FCC Plays Grinch to Holidays Robotexts

December 6, 2016
« Next Previous »

Why Business Owners May Want to Reconsider Using Robotexts

Businesses hoping to boost sales this holiday season should exercise caution when sending autodialed text messages. The Federal Communications Commission (FCC) recently issued a warning that so-called “robotexts” are subject to restrictions on making autodialed calls to cell phones imposed by the Telephone Consumer Protection Act (TCPA).robotexts

TCPA Restrictions

As we have previously discussed on our Business Law News blog, the TCPA was originally enacted to address the proliferation of automated telemarketing calls to private residences. The federal statute prohibits any person from, among other things, “initiat[ing] any telephone call to any residential telephone line using an artificial or prerecorded voice to deliver a message without the prior express consent of the called party, unless the call is initiated for emergency purposes, is made solely pursuant to the collection of a debt owed to or guaranteed by the United States, or is exempted by rule or order by the [Federal Communications] Commission….”

Given the popularity of cell phones, the TCPA has been expanded to include restrictions on autodialed calls and prerecorded calls to wireless numbers. In a 2015 TCPA Omnibus Declaratory Ruling and Order, the FCC expressly clarified that text messages sent to cell phones using any automatic telephone dialing system are subject to the TCPA. As the agency explained, just as texts are a subset of “calls” under the TCPA, “robotexts” are a subset of “robocalls.” The order also described an “automatic telephone dialing system” (or “autodialer”) as any equipment that has the “capacity” to store or produce numbers to be dialed and dial them “without human intervention” but does not need to have the “present ability” to do so.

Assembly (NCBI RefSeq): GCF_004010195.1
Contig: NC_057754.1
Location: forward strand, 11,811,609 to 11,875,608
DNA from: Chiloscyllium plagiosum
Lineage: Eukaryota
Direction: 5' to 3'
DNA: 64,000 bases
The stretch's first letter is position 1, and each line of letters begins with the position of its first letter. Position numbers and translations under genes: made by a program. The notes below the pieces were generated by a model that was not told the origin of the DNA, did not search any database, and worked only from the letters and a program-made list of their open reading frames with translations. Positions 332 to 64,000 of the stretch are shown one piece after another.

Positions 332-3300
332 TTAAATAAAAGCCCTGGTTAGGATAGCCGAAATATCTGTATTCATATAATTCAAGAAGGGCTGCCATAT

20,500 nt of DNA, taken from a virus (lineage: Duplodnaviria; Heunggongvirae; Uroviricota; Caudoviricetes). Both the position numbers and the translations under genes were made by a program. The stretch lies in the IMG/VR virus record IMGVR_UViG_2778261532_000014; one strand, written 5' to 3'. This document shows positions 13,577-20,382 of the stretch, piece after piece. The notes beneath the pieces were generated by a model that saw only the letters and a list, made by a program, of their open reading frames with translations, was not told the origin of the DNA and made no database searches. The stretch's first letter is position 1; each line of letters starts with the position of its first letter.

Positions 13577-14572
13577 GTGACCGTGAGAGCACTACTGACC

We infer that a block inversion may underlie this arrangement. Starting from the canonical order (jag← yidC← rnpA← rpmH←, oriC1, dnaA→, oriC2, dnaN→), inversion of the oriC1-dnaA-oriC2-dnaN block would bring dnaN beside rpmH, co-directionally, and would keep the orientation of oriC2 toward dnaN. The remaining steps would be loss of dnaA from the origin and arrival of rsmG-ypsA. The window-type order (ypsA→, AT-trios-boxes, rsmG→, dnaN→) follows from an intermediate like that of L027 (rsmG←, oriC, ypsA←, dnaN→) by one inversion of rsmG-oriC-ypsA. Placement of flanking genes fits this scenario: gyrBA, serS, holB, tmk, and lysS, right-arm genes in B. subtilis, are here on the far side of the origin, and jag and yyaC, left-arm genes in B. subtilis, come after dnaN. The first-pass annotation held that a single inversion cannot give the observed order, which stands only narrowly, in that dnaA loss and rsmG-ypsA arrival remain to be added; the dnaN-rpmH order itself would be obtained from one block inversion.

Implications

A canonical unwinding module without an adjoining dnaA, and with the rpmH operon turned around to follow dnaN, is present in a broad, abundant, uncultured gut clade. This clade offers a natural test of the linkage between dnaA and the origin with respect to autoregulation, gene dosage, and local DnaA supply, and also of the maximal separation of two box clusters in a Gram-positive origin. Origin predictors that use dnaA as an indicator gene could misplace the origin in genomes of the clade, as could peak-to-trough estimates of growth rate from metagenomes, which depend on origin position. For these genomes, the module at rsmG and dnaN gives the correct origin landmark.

Autodialed Text Messages

The TCPA prohibits autodialed calls or text messages, as well as prerecorded calls, unless made with the prior express consent of the called party, to any telephone number assigned to a cell phone or other mobile device (such as a pager), unless the calls or text messages are: (1) made for emergency purposes; (2) free to the end user and have been exempted by the Commission, subject to conditions prescribed to protect consumer privacy rights; or (3) made solely to collect debts “owed to or guaranteed by the United States.”

Businesses that send autodialed text messages to mobile devices have the burden of proving that they obtained the required consent. As highlighted by the FCC, “[t]he fact that a consumer’s wireless number is in the contact list of another person’s wireless phone does not, by itself, demonstrate consent to receive robotexts.” In addition, recipients may revoke their consent at any time using any reasonable method.

In its robotext enforcement advisory, the FCC’s Enforcement Bureau expressly states that it “will rigorously enforce the important consumer protections in the TCPA and our corresponding rules.” It also reminds those who initiate autodialed texts to mobile devices that violations of the TCPA can be costly, including forfeiture penalties up to $18,936 per violation.

Businesses that advertise their products and services using autodialed texts should review their procedures to ensure they comply with the TCPA. Notably, businesses should keep detailed records of consumer consents, which can help avoid costly fines should the FCC come knocking.

Do you have any questions? Would you like to discuss the matter further? If so, please contact me, Dennis Linken, at 201-806-3364.